You might not think Sharon Stone had much in common with Kelly Osbourne, Lemmy and Paris Hilton (other than relative fame). But you’d be wrong. The thing they have in common is the Sunset Strip, the road that stretches a mile and a half through West Hollywood and has been making history for over 100 years. Every inch of it has a story. As Mickey Rourke puts it, “Your dreams will start there and they will end there.” Hans Fjellestad’s documentary, “Sunset Strip,” is a thorough history of this street of dreams and nightmares, beginning with its origins as a trade route, up to present day where ambassadors from each era converge. The film shows you a fascinating, glamorous, decadent and tragic place, filled to the brim with amazing tales. If you have even a passing interest in movies or music, you will be absolutely riveted for the full 90 minutes.
The Sunset Strip has been a perfect microcosm of Hollywood since actors first pulled up a stool at Schwab’s Drug Store whilst “waiting for the gravy train.” So many legends walked those streets that it’s practically hallowed ground. Marilyn Monroe met Joe Dimaggio in the same airspace that Lemmy currently occupies at the Rainbow. Rock and Roll was born at the Whiskey A Go Go with Johnny Rivers. Later, the Who, Led Zeppelin and the Doors rocked that same tiny stage. River Phoenix spent his last night in the same building in which the Pussycat Dolls later revived burlesque. Comedy Gods were born at the Comedy Store, where Robin Williams, Andrew Dice Clay and Sam Kinison shared bowls full of cocaine snorted through $1,000 bills before going on. Buffalo Springfield wrote “For What It’s Worth” about the same protest, which also saw Peter Fonda arrested. I could go on, but it’s really more fun to see it for yourself.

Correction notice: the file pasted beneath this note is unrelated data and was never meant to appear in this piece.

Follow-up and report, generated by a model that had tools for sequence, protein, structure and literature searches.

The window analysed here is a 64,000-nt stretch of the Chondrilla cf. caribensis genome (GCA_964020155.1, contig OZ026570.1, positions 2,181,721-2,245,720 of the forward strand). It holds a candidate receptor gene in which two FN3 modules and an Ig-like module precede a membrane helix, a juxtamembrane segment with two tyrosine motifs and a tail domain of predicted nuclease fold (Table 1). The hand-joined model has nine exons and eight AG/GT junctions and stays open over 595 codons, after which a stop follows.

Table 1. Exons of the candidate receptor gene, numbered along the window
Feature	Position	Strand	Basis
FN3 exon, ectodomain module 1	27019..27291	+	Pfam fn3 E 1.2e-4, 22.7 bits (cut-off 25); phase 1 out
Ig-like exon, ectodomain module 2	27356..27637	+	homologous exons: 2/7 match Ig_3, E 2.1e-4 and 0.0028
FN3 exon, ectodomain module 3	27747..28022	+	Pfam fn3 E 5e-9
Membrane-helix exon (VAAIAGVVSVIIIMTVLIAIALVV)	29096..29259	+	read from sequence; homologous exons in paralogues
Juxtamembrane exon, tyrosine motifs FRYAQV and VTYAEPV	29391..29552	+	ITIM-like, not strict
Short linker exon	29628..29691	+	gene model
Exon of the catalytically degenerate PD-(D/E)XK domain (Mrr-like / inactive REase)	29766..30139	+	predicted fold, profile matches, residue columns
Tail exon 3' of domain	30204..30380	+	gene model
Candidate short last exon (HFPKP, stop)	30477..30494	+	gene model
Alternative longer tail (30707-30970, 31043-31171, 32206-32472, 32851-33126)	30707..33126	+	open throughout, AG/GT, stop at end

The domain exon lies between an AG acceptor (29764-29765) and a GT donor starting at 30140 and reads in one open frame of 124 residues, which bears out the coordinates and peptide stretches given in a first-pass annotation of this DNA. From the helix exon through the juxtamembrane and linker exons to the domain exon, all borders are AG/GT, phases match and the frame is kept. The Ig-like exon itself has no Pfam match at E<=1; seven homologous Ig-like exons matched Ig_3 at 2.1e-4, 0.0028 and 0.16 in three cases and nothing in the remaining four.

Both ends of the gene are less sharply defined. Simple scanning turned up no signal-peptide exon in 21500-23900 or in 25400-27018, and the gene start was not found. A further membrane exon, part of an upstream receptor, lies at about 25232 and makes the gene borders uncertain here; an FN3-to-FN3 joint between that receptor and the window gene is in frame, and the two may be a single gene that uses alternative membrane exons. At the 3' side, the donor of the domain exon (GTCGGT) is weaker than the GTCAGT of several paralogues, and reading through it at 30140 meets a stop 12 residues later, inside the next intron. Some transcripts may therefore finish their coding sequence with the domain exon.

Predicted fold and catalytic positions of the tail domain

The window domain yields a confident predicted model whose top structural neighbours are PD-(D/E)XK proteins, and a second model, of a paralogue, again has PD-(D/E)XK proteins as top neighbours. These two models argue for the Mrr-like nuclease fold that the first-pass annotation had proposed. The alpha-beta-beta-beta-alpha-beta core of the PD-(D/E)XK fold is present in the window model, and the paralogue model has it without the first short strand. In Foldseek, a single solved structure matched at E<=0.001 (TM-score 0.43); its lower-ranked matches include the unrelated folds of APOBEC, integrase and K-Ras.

Fjellestad employs a very casual interview style, piecing together the chronicle of the Strip through musings from the people who were there. Actors, comedians, musicians and business owners from every generation get a chance tell their part of it. The story flows naturally through the decades, packing each part with entertaining vignettes as well as a nice overview of what was going on then and how it reflected or reacted to what was going on in the rest of the country. It’s as if grandpa managed to sneak a history lesson into his awesome anecdotes.
Not every interview subject is equally enthralling. A too-serious Billy Corgan seems like he’s there only to promote his new music. The film opens with Fergie belting out “Barracuda” live on stage, like a stripper channeling Ann Wilson while Slash diddles around in background. It’s a decent enough performance, but it doesn’t feel like it has much to do with anything other than to prove that Fergie actually knows how to sing. But these moments are few and far between. Most of the interviewees are so compelling that it becomes immediately apparent why they got famous in the first place. They belong to the Strip and the Strip belongs to them. The rest of us are just visiting.